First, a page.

In 1756, the Nawab of Longla Moulvi Muhammad Rabi Khan Danishmand established the famous Rabir Bazar (Rabi's Market). Begum Talib-un-Nisa Khatun of Chhoto Saheb Bari (Prithimpasha village) established the Rabir Bazar Jame Masjid.[5]

The East India Company first heavily influenced their trading of tea in Kulaura.[6][7] It became an important location for tea cultivation in Bengal and major export. Local entrepreneurs also started founding their estates such as Nawab Ali Amjad Khan who established the Rungicherra (also Rungichara) Tea Estate.

In the anti-British Sepoy Mutiny of 1857, 300 sepoys who revolted against the British, looted the Chittagong Treasury and took shelter with Nawab Gaus Ali Khan of Prithimpassa. The treasury remained under rebel control for several days.[8] Abdul Ghafur, grandfather of Ali Haydar ibn Ali Gawhar, of Kanihati was present during the mutiny.[9]

In 1921, the non-cooperation movement also spread to Kulaura after being established by Purnendu Kishore Sengupta in Vidia Ashram, Rangirkul. In 1939, there was an anti-British protest held in Nabin Chandra School. Many students were attacked and expelled by the British forces based in Kalapani Haor.[3]

In 1950, the Shah of Iran, Mohammad Reza Pahlavi, visited Prithimpassa and stayed for four days at the palace and went wildlife hunting in the Estate forests alongside Khwaja Nazimuddin and Ayub Khan.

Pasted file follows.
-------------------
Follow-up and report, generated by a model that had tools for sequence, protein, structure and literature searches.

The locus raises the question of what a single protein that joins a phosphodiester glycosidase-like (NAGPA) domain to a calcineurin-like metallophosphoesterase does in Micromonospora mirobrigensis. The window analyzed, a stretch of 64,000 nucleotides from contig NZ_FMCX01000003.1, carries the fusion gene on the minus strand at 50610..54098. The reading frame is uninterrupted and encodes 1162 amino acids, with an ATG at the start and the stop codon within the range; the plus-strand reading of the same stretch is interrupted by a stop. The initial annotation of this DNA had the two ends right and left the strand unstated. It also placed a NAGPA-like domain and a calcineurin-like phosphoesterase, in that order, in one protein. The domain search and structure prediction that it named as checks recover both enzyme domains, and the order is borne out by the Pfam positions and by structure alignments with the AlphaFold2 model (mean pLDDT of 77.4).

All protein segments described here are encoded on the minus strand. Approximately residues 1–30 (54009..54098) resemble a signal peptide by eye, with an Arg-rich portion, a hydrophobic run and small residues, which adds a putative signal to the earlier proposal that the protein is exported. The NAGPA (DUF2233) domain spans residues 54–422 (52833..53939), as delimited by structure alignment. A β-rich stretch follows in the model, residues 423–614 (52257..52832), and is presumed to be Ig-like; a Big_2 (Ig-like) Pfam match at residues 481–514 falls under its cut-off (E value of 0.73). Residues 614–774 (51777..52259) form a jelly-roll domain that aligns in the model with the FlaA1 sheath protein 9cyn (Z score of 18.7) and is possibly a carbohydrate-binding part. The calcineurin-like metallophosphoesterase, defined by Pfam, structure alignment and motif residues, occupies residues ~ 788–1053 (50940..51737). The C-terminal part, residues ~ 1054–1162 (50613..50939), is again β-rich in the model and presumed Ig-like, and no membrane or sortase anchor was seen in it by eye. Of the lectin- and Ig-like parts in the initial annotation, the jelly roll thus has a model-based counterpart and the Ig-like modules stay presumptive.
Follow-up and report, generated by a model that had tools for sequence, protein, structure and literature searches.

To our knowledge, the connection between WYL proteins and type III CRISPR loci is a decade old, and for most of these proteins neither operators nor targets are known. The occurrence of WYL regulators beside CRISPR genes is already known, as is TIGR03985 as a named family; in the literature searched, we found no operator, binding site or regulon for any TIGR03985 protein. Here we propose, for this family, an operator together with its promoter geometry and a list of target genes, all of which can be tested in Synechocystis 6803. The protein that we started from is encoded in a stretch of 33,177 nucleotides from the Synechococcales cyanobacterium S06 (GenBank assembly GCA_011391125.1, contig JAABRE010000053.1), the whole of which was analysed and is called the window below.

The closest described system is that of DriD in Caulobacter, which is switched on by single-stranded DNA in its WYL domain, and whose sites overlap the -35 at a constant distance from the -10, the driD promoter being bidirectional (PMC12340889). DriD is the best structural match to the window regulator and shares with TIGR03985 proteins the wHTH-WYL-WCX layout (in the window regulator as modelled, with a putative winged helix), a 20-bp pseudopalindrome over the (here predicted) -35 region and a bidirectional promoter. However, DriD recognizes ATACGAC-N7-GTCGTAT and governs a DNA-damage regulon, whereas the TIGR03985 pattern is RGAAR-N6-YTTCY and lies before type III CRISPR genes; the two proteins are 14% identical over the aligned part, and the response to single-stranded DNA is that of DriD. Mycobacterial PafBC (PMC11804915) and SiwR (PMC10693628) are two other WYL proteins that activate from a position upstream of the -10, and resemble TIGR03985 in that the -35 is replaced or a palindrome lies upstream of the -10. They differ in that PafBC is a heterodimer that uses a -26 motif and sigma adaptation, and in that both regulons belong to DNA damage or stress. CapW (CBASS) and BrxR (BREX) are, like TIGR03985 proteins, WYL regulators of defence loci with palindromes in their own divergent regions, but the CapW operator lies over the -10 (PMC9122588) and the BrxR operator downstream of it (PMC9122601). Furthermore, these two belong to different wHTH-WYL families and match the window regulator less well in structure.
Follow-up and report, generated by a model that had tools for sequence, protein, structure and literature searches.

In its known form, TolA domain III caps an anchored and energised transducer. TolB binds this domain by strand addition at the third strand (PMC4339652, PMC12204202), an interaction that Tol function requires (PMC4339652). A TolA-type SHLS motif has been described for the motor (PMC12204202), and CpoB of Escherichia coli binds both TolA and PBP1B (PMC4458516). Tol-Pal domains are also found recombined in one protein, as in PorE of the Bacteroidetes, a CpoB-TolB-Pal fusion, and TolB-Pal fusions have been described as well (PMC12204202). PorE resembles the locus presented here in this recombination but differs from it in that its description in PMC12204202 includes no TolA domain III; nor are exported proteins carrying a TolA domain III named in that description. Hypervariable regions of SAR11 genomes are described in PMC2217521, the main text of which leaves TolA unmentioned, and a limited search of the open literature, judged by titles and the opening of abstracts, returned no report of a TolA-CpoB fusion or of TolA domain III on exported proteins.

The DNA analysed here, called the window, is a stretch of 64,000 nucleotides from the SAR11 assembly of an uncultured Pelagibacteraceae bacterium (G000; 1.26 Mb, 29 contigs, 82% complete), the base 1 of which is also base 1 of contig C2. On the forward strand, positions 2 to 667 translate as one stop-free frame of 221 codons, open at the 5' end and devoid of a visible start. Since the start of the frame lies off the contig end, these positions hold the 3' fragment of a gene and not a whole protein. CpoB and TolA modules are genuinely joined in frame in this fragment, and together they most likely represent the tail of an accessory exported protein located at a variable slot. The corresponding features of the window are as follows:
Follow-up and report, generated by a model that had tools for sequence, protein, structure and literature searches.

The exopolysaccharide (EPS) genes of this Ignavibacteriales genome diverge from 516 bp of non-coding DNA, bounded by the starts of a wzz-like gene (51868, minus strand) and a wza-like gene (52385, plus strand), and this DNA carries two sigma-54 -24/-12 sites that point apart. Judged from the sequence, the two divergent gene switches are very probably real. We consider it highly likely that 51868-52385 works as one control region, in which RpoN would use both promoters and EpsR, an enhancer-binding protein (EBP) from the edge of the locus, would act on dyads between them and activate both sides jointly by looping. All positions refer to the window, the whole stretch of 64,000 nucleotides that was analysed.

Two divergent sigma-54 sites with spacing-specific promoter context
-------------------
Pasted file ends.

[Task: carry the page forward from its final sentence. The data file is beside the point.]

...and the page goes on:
During the Bangladesh Liberation War, Kulaura was the centre of the Battle of Gazipur in Gazipur Tea Garden. The battle raged from the 4th to the 5th of December 1971 and was a prelude to the Battle of Sylhet. The Pakistani army camped in Kulaura Hospital and Nabin Chandra School and killed over 100 Bengali freedom fighters and civilians. Chiral Muchir Bari, bank of Padma Dighi of Ali Amjad High School were experienced mass killings. A graveyard in Chatolgaon hosts many martyrs.[3]

AdministrationEdit

The Kulaura upazila consists of 339 Villages, 122 Mouzas and 13 Union Parishads. The upazila has 1 Pouroshova & 13 Union Parishads or UPs. They are as follow:

  • Kulaura Pouroshova
  • Baramchal
  • Bhatera
  • Bhukshimoil
  • Brahmanbazar
  • Hajipur
  • Joychandi
  • Kadipur
  • Karmadha
  • Kulaura
  • Prithimpasha
  • Rauthgaon
  • Sharifpur
  • Tilagaon

GeographyEdit

 
Kala pahar is located in the Longla ridge of the Hararganj-Singla range.

The location of Kulaura upazila is 24.5167 degrees north latitudes up to 92.0333 degrees East longitude. The Area size 679.25 square kilometers (262 square miles). Barolekha, Juri and Fenchuganj Upazilas on the north, Rajnagar and Kamalganj upazila on the west, Tripura of India on the south, Tripura and Assam in the east of Kulaura.